For the second time in as many years, the California High Speed Rail Authority has updated its business plan -- a document intended to show that the proposed train system will be financially sound.
The newest update, released last month, sheds light on a decision that the authority will have to make sometime in the next decade, before the system is scheduled to start operating. Specifically, how much should it cost to ride on the high-speed trains?
In all, the two plans examine three different fare concepts, and calculate likely revenues, passenger loads and profits for each.
According to the authority, the results show that raising ticket prices may cut ridership but still result in higher revenues, up to a point.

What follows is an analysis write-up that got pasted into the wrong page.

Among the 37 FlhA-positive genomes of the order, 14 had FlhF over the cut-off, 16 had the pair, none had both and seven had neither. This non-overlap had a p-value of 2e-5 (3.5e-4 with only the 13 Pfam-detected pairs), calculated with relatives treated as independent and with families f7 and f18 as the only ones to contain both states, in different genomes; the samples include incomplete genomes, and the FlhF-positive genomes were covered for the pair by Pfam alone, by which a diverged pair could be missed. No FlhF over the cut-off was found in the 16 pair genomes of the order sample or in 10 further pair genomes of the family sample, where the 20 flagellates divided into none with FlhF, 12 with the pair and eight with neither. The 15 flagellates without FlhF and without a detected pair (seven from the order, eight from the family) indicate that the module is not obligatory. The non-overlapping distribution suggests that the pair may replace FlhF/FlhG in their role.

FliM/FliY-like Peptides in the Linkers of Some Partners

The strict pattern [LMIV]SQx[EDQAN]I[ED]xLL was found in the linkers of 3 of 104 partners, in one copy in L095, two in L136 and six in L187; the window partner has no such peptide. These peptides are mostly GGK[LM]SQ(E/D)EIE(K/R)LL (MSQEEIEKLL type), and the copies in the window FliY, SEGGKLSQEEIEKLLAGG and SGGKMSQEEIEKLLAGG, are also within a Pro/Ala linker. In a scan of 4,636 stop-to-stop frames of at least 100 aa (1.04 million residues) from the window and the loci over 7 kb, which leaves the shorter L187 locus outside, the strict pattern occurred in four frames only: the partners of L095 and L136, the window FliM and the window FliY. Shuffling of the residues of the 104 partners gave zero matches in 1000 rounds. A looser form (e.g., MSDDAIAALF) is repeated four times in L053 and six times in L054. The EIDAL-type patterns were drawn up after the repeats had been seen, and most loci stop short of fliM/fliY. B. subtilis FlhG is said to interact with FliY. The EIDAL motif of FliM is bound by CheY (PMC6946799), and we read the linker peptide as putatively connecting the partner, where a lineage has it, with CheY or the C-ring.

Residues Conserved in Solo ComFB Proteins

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In addition, fewer riders would mean lower operating costs, which would also boost profits.
An authority spokesman cautions that none of the projected fare structures should be taken as a sign that actual fares will resemble those structures.
"None of this is decided yet," said Jeff Barker, a deputy director of the authority. "When we decide ticket prices, it will be years down the road and it will be a public process."